25. Where a legal burden of proof is on a defendant, s/he can satisfy it if s/he proves the issue on the balance of probabilities9. This is the same standard as that placed on a claimant in a civil action; s/he need not prove the issue beyond reasonable doubt.

Advance rebuttal

26. Despite the reverse burden under section 40 HSWA, it is nevertheless advisable in cases involving reasonable practicability to adduce evidence during the prosecution case to show what measures it would have been reasonably practicable for the defendant to take. The opportunity to do this may be lost once the prosecution case has closed.

27. This is known as ‘advance rebuttal’ and has been recognised by the courts10. It may involve, for example, adducing expert evidence or HSE or industry guidance to counter any potential defence arguments as to foreseeability (see ‘Reasonable practicability’ above), including evidence of wider custom and practice, human factors or the hierarchy of control measures11 in cases where the defence may argue that the actions (or omissions) of an employee were not foreseeable.

28. In addition, one of the factors the court may take into account in determining sentence is how far short of the appropriate standard the defendant fell in failing to meet the reasonably practicable test. 12


  1. Different offences will apply depending on the circumstances of the case. Back to reference of footnote 1
  2. Edwards v National Coal Board [1949] 1 KB 704, CA; Austin Rover Group Ltd v HM Inspector of Factories [1990] 1 AC 619, HL. Back to reference of footnote 2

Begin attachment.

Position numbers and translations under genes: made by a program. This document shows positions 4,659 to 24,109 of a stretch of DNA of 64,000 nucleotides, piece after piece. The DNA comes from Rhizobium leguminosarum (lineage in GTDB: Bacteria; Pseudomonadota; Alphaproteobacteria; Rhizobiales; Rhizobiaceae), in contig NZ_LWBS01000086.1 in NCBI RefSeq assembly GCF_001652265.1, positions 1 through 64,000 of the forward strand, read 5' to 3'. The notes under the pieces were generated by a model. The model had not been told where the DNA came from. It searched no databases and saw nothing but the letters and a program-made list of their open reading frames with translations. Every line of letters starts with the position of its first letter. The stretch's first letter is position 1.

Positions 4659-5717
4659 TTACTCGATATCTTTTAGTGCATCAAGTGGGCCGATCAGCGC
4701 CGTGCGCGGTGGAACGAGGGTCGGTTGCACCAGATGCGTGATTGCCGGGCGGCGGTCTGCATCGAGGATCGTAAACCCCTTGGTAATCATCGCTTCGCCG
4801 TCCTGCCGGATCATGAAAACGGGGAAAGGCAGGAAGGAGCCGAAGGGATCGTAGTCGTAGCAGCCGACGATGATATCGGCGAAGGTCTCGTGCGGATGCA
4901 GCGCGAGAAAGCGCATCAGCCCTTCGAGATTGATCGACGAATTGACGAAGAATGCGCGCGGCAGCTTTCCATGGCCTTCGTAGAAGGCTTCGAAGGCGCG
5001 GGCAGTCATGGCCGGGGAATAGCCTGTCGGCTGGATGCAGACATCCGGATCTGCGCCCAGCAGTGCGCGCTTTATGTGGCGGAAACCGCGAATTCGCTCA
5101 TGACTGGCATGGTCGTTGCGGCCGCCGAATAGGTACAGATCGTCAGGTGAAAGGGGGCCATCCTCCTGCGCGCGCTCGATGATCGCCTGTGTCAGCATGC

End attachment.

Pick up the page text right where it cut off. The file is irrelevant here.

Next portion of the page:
3. R v HTM Ltd [2006] EWCA Crim 1156. Back to reference of footnote 3
  4. R v HTM Ltd [2006] EWCA Crim 1156. Accordingly, the Court of Appeal held that regulation 21 of the Management of Health and Safety at Work Regulations 1999, which states that an employer may not rely on an act or default of an employee as a defence in proceedings under any of the relevant statutory provisions, does not apply to the general duties under sections 2 and 3 HSWA. Back to reference of footnote 4
  5. Sometimes referred to as the ‘persuasive’, ‘probative’ or ‘ultimate’ burden. Back to reference of footnote 5
  6. These defences, for example self-defence, will not normally have application in health and safety cases. Back to reference of footnote 6
  7. R v Davies [2002] EWCA Crim 2949. Back to reference of footnote 7
  8. R v Davies [2002] EWCA Crim 2949. By contrast, see R v Keogh [2007] EWCA Crim 528: a reverse burden of proof under sections 2 and 3 of the Official Secrets Act 1989 should be treated as an evidential burden only, in order to ensure compatibility with Article 6 of the European Convention on Human Rights (the right to a fair trial). Back to reference of footnote 8
  9. See, for example, R v Lambert [2001] UKHL 37: “If [a legal burden of proof on an accused] is created the matter in question must be taken as proved against the accused unless he satisfies the jury on a balance of probabilities to the contrary … If [an evidential burden only on the accused] is adopted the matter must be taken as proved against the accused unless there is sufficient evidence to raise an issue on the matter but, if there is sufficient evidence, then the prosecution have the burden of satisfying the jury as to the matter beyond reasonable doubt in the ordinary way … A transfer of a legal burden amounts to a far more drastic interference with the presumption of innocence than the creation of an evidential burden on the accused” (Lord Steyn, para 37). Back to reference of footnote 9
  10. R v Associated Octel Co. Ltd [1996] 1 WLR 1543. Back to reference of footnote 10
  11. The principles of prevention are set out in the Management of Health and Safety at Work Regulations 1999, regulation 4 and schedule 1. Back to reference of footnote 11
  12. R v Howe & Son (Engineers) Limited [1999] 2 All ER 249. Back to reference of footnote
Updated 2020-09-18